Bad news is I'm selling it coz it's nearly two years old, good news is the ZS will be it's replacement, maybe not as fast in a straight line but boy does it handle!

19th Aug 2001, 06:06

This car is NOT a sports car. It is a fast saloon designed for effortless and safe cruising. It is also a big car, so throwing it around corners is a pointless exercise. It seems that people buy this car thinking that it will perform like a Ferrari. It doesn't. It is instead an excellent cruising machine with shed loads of luxury features and superb performance.

Also, in terms of reliability, if it is looked after and driven with respect, it is a perfectly reliable quality car.

If you buy it and thrash it, you deserve to have it break down on you.

12th Feb 2002, 05:20

I have owned a 98 Ti for a year and it is slightly tuned. With up-rated front bushes (£50) and Pirelli P-Zero's I get no loss of traction/torque steer at all.

In fact I cannot make the wheels spin very easy at all.

For the record the car is making 201BHP and 214Lbft of torque and goes like stink...

What a car for the money!

9th Feb 2003, 11:18

I just read some of your comments, and I have some views that I would like to share.

I recently bought a Rover 600, 2.0 TI, from 1998 and I live in Denmark where we have 187% tax on cars + 25% VAT. I paid approx. £10.000 for the car, which is a good price in my tax infested country.

I agree that it is a fantastic luxury car, at a bargain. The leather seats, the electric sun-roof and the cruise control + everything is electronically controlled, windows, mirrors etc.

The car does have some problems like, a boring steering wheel and a boring shift notch and very boring dials.

I have installed a wooden steering wheel and a wooden shift notch along with creme colored dials from Lockwood, and now the car looks and drives like a dream. Once you get used to the somewhat strange clutch, it is fast and comfy to drive.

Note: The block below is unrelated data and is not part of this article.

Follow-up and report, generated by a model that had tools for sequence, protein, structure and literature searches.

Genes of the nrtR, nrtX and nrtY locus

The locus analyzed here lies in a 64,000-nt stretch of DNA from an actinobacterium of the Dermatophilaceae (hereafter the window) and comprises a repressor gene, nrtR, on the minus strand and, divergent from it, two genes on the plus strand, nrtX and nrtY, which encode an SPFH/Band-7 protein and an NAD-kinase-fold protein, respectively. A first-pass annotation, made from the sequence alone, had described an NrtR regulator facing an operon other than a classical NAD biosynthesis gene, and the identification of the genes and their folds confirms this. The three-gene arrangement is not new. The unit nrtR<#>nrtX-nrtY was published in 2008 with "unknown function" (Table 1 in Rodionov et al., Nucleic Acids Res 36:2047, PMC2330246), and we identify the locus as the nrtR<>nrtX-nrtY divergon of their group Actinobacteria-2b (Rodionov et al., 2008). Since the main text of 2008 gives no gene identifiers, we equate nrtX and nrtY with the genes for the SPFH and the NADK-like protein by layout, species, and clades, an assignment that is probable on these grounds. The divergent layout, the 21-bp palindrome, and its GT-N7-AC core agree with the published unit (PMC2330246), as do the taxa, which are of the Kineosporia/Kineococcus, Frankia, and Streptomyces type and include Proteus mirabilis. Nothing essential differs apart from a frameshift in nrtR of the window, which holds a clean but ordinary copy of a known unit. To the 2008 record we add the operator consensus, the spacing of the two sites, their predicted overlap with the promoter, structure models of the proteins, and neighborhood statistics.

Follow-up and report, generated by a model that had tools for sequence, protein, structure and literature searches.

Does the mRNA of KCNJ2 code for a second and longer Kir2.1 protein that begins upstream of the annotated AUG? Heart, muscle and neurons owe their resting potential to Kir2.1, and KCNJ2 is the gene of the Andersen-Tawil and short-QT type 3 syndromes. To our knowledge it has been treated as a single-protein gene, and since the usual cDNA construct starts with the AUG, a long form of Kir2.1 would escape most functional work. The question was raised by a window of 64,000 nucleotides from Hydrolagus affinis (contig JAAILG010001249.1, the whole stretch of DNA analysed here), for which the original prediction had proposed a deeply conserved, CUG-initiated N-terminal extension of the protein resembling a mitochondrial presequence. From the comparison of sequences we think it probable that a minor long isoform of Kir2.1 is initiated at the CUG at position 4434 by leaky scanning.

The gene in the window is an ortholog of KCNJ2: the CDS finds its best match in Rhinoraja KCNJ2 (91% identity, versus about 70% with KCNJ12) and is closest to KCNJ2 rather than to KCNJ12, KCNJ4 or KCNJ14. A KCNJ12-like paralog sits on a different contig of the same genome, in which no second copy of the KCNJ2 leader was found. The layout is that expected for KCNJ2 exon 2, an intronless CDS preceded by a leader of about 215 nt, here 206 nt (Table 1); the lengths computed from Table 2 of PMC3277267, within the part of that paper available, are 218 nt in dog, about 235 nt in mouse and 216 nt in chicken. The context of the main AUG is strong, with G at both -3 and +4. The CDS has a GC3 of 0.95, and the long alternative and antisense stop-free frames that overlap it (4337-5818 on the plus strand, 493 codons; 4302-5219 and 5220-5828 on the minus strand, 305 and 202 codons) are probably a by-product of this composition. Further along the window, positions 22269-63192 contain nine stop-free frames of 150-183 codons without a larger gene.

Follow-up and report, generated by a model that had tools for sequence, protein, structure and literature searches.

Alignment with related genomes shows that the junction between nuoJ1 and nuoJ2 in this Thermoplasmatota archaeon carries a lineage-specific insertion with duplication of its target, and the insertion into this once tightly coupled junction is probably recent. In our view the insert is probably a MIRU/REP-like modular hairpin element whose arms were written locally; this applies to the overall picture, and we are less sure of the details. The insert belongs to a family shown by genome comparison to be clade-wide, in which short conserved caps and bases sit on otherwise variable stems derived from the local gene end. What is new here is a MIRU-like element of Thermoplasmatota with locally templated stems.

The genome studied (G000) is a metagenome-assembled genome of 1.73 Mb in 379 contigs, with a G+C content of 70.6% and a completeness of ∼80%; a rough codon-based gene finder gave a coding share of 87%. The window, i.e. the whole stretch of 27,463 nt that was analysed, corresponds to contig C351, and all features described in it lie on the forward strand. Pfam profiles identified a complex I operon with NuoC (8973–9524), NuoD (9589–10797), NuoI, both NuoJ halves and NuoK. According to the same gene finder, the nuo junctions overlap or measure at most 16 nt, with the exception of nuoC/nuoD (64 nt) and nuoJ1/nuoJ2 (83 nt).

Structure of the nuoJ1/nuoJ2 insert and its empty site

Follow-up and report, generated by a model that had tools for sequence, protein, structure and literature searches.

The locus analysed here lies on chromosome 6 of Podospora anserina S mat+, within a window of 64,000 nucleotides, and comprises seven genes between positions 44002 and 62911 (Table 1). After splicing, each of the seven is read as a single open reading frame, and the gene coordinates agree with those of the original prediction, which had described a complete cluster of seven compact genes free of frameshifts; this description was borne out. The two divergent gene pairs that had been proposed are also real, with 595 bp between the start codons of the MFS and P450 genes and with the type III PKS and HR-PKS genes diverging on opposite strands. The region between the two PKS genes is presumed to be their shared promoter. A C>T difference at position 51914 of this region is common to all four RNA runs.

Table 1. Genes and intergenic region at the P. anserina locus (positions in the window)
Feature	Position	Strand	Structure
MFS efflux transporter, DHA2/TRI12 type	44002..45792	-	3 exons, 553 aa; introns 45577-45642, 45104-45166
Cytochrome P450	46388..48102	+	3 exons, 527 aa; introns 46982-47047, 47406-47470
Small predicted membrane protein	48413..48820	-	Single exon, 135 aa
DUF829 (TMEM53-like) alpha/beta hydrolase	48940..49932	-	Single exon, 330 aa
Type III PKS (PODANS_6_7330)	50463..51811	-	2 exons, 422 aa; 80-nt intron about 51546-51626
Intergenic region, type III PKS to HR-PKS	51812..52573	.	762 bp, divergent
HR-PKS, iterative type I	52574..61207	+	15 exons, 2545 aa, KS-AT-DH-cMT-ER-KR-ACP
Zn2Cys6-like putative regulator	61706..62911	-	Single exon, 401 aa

Next month I am getting a chip tune-up and a K&N filter along side a sports exhaust system, this should put the car @ 245-50 Horsepower and an additional 45-50 NM.

In the rest of Europe cars are relatively cheap, but here we have insane taxes as the only country in Europe, so I find the Rover 600 2.0 TI a fast and wonderful car at it's price, so don't compare it to BMW or Mercedes, because there is a huge price difference (at-least in my tax-hell of a country)

31st Dec 2004, 05:35

I think the 'scrabbling for grip' is a problem with earlier cars only, I don't think the LSD was not fitted until 1996. I had a '95 model and I agree, grip is a problem in first. The trick was just to use first to get you moving then change up quickly and floor it. If you floor it in first you hit the red line before the turbo comes in anyway because of the lag. Torque steer was also a big problem with my car, but that adds to the excitement of the drive. If you want something that will accelerate in a straight line without the excitement use a train!

I got mine with 18K on the clock and drove it for another 110K on top of that. The only major repairs I had were a head gasket and clutch at around 80K and having to spend £600 on the brakes to get it through its first MOT. As most of my mileage was on the motorway I was getting 40K plus from the Pirelli Pzeros on the front and 36mpg at 75-80 mph.

I loved the car and only changed it because I now commute twice the distance so have had to opt for a diesel.